COVID‐19 Vaccination in Children and University Students release_cit6d36e4vgbbkloeqfziryfwm

by John Ioannidis

Published in European Journal of Clinical Investigation by Wiley.

2021   Volume 51, Issue 11, e13678


Strategies for the use of COVID-19 vaccines in children and young adults (in particular university students) are hotly debated and important to optimize. As of late August 2021, recommendations on the use of these vaccines in children vary across different countries. Recommendations are more uniform for vaccines in young adults, but vaccination uptake in this age group shows a large range across countries. Mandates for vaccination of university students are a particularly debated topic with many campuses endorsing mandates in the USA in contrast to European countries, at least as of August 2021. The commentary discusses the potential indirect impact of vaccination of youth on the COVID-19 burden of disease for other age groups and societal functioning at large, estimates of direct impact on reducing fatalities and nonlethal COVID-19-related events in youth, estimates of potential lethal and nonlethal adverse events from vaccines and differential considerations that may exist in the USA, European countries and nonhigh-income countries. Decision-making for deploying COVID-19 vaccines in young people is subject to residual uncertainty on the future course of the pandemic and potential evolution towards endemicity. Rational recommendations would also benefit from better understanding of the clinical and sociodemographic features of COVID-19 risk in young populations and from dissecting the role of re-infections and durability of natural vs. vaccine-induced immunity.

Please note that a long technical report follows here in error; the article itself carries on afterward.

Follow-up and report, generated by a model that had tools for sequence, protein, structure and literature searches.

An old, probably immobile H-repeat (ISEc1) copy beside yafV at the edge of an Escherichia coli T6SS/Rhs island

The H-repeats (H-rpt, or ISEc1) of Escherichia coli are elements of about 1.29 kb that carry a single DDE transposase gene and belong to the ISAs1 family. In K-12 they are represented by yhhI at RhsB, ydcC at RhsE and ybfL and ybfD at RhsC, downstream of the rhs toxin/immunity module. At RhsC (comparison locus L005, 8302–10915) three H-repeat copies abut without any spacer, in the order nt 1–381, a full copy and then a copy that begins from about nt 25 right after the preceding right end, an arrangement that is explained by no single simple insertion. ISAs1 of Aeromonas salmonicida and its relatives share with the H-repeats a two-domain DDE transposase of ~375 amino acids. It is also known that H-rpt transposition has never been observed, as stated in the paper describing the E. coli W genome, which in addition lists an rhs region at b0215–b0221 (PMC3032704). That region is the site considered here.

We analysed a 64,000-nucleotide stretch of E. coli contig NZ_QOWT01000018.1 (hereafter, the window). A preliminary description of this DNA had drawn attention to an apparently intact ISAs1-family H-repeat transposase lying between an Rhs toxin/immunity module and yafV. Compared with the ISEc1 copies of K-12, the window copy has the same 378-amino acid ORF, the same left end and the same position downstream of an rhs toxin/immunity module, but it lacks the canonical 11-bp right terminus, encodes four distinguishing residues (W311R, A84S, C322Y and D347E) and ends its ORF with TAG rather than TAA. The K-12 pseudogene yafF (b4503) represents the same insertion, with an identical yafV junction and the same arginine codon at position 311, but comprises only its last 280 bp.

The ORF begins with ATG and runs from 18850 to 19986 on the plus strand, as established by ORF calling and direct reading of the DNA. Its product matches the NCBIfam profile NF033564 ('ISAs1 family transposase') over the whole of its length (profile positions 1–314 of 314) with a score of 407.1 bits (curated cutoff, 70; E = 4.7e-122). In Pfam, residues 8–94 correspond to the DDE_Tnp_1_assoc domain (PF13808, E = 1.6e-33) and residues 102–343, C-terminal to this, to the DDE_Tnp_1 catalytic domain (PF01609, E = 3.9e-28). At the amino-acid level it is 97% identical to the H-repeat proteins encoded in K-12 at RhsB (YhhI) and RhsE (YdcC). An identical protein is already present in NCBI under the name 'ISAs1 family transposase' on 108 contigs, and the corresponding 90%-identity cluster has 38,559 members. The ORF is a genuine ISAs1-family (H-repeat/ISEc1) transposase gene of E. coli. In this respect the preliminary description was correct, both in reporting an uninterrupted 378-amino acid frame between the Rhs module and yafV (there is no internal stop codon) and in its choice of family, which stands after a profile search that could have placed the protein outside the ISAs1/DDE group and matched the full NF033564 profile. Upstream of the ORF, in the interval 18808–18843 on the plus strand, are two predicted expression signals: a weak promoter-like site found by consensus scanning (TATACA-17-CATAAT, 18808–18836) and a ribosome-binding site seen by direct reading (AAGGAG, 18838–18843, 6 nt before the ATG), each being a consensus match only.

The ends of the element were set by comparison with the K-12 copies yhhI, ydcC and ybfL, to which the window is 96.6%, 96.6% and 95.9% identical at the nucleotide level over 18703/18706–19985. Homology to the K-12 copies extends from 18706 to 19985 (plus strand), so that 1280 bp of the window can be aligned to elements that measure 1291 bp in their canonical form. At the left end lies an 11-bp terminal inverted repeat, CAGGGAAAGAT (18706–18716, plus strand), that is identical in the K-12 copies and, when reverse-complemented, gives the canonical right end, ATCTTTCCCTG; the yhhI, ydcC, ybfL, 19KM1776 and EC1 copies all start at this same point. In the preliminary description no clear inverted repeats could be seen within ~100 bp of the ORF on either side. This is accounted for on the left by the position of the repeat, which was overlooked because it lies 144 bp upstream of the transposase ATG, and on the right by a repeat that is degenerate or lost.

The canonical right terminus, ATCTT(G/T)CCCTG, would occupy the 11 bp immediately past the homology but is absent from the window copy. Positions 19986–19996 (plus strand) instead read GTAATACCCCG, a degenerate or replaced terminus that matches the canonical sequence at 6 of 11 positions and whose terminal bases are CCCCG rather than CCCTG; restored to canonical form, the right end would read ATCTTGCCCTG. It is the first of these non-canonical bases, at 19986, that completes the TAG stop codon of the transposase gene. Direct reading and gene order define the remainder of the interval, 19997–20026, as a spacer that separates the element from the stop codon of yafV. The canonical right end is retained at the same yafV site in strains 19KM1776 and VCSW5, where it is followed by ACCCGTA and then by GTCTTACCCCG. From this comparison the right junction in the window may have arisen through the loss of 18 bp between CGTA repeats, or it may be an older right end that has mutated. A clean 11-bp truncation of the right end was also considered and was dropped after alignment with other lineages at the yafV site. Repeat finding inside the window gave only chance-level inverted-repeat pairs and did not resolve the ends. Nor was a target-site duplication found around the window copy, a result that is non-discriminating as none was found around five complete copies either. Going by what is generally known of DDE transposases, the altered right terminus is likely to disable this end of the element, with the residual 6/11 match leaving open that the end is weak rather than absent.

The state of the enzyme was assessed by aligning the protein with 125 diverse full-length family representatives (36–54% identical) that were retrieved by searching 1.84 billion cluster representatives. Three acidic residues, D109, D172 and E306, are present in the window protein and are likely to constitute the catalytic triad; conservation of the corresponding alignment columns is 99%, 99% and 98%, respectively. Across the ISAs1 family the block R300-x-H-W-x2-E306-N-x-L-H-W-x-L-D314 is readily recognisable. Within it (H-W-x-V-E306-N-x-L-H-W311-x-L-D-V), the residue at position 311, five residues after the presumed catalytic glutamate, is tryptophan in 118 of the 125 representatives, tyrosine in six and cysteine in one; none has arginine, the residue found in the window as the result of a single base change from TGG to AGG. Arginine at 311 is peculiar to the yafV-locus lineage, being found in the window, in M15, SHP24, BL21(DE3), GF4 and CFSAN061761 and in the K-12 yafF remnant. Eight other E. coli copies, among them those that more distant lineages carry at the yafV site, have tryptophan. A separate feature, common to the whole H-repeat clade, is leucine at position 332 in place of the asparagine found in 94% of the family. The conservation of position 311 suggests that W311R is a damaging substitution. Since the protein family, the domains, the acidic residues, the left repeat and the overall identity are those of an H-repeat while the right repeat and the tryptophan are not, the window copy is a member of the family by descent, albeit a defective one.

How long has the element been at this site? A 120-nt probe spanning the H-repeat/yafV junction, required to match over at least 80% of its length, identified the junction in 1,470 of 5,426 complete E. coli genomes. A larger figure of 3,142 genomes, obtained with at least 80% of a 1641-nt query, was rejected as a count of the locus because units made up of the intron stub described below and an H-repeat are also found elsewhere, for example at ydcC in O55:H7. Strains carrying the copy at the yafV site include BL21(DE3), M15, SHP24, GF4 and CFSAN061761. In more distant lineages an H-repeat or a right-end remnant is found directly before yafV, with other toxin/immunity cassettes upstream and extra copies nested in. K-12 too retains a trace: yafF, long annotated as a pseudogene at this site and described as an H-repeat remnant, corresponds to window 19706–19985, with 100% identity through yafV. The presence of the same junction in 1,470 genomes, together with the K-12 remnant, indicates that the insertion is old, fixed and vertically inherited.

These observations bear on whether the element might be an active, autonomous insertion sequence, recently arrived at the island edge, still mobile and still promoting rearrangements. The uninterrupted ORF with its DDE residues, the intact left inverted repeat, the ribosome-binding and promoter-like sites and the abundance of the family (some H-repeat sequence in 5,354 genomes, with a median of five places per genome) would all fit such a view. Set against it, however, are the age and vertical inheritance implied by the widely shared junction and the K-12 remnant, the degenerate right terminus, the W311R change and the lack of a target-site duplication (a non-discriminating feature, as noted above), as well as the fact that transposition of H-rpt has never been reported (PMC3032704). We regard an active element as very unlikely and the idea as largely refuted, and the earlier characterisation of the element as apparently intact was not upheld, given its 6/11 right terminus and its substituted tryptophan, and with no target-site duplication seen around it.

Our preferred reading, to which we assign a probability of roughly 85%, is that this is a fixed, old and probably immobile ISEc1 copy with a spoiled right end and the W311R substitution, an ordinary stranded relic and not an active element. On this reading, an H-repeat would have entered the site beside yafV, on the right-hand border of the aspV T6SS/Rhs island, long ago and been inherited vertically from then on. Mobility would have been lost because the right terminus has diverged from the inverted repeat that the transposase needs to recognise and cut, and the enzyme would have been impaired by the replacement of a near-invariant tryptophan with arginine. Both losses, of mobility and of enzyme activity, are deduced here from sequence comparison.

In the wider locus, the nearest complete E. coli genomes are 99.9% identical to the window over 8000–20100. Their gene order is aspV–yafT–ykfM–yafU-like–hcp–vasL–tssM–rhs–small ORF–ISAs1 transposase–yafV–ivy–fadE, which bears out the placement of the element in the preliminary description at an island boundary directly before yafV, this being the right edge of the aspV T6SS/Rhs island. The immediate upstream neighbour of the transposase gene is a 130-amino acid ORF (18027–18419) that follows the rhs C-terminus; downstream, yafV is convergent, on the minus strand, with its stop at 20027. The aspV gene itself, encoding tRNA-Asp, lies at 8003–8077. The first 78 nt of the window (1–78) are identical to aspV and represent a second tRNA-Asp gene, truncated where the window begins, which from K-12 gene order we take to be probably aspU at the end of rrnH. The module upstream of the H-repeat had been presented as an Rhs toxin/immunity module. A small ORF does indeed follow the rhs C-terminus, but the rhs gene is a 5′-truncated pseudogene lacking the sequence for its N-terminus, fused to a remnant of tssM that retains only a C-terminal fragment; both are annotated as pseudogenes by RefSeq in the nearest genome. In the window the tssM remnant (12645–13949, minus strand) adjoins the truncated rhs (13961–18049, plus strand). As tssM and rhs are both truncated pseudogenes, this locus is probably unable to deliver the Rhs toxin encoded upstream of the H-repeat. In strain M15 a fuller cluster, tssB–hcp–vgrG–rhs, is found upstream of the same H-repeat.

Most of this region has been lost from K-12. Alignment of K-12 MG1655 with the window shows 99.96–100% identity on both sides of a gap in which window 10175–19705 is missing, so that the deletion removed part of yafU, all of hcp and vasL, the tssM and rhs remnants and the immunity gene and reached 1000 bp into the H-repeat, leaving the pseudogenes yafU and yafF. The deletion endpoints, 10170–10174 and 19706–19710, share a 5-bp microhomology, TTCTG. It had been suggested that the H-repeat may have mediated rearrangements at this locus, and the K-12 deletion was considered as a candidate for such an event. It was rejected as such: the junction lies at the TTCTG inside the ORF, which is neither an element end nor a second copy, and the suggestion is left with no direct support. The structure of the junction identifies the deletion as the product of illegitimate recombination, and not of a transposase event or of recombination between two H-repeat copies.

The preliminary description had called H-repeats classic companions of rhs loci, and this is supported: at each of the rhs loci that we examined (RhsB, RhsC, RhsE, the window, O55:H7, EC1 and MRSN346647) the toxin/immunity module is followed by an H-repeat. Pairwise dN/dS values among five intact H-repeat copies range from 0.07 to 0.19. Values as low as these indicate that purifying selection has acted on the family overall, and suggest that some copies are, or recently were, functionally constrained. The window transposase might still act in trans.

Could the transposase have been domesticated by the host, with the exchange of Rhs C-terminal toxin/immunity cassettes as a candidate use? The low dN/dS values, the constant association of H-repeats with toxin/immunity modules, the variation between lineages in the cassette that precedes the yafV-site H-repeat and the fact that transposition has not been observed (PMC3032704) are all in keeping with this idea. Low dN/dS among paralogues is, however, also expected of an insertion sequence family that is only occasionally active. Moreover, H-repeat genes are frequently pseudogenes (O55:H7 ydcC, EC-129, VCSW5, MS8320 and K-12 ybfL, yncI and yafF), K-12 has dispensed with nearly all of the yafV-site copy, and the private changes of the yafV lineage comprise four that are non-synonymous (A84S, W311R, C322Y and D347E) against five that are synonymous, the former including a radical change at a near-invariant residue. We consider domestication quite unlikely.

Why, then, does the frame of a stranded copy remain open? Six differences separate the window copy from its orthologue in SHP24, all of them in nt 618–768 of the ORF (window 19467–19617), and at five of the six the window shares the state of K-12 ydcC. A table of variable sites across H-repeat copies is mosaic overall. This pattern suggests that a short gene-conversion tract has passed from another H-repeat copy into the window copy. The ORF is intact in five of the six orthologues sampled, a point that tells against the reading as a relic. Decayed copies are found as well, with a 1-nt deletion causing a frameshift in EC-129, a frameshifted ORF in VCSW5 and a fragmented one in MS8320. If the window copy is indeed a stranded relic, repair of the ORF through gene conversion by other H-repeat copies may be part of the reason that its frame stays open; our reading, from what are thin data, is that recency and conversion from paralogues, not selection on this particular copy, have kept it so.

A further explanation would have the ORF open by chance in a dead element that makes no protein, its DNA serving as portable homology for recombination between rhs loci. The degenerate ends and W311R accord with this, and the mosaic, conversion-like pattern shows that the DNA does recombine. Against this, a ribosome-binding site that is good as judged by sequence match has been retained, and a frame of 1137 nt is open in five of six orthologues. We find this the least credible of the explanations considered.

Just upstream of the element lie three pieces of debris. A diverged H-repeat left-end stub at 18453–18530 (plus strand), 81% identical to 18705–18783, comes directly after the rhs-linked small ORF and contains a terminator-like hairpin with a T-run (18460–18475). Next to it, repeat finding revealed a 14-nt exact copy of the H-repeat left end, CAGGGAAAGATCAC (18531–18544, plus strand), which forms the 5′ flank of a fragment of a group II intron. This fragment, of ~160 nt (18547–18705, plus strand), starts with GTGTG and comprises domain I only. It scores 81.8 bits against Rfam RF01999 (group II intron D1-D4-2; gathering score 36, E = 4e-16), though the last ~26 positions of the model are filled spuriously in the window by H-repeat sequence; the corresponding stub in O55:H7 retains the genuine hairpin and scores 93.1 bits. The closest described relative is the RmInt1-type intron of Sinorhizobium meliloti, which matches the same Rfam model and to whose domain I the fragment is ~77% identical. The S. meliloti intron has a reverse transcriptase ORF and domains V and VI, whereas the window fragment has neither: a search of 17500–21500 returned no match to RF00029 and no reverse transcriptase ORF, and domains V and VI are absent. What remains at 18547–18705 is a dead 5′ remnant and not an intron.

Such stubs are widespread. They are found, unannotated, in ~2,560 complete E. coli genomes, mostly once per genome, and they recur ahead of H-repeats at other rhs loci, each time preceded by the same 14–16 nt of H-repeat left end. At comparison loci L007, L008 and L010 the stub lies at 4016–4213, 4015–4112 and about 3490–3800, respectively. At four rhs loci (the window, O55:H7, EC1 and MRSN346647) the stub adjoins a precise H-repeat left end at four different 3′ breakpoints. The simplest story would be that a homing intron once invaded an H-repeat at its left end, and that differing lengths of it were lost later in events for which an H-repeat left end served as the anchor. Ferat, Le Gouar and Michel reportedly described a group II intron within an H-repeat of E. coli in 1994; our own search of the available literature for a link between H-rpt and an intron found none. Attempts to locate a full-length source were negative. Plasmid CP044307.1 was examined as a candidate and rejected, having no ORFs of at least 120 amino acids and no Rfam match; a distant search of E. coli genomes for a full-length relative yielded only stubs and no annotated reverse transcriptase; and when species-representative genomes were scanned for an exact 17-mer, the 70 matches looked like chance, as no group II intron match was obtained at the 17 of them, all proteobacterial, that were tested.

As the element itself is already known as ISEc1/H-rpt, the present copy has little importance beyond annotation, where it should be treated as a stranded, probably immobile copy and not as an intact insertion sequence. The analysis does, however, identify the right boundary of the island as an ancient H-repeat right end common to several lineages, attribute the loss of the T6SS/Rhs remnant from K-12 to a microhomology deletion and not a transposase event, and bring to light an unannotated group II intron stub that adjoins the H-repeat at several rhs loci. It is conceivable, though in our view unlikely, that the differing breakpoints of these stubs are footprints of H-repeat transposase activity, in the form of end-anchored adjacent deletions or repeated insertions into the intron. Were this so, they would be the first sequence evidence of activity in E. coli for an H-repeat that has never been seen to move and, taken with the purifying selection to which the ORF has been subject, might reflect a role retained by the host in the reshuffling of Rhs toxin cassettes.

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Type  article-journal
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Date   2021-09-16
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DOI  10.1111/eci.13678
PubMed  34529274
PMC  PMC8646734
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ISSN-L:  0014-2972
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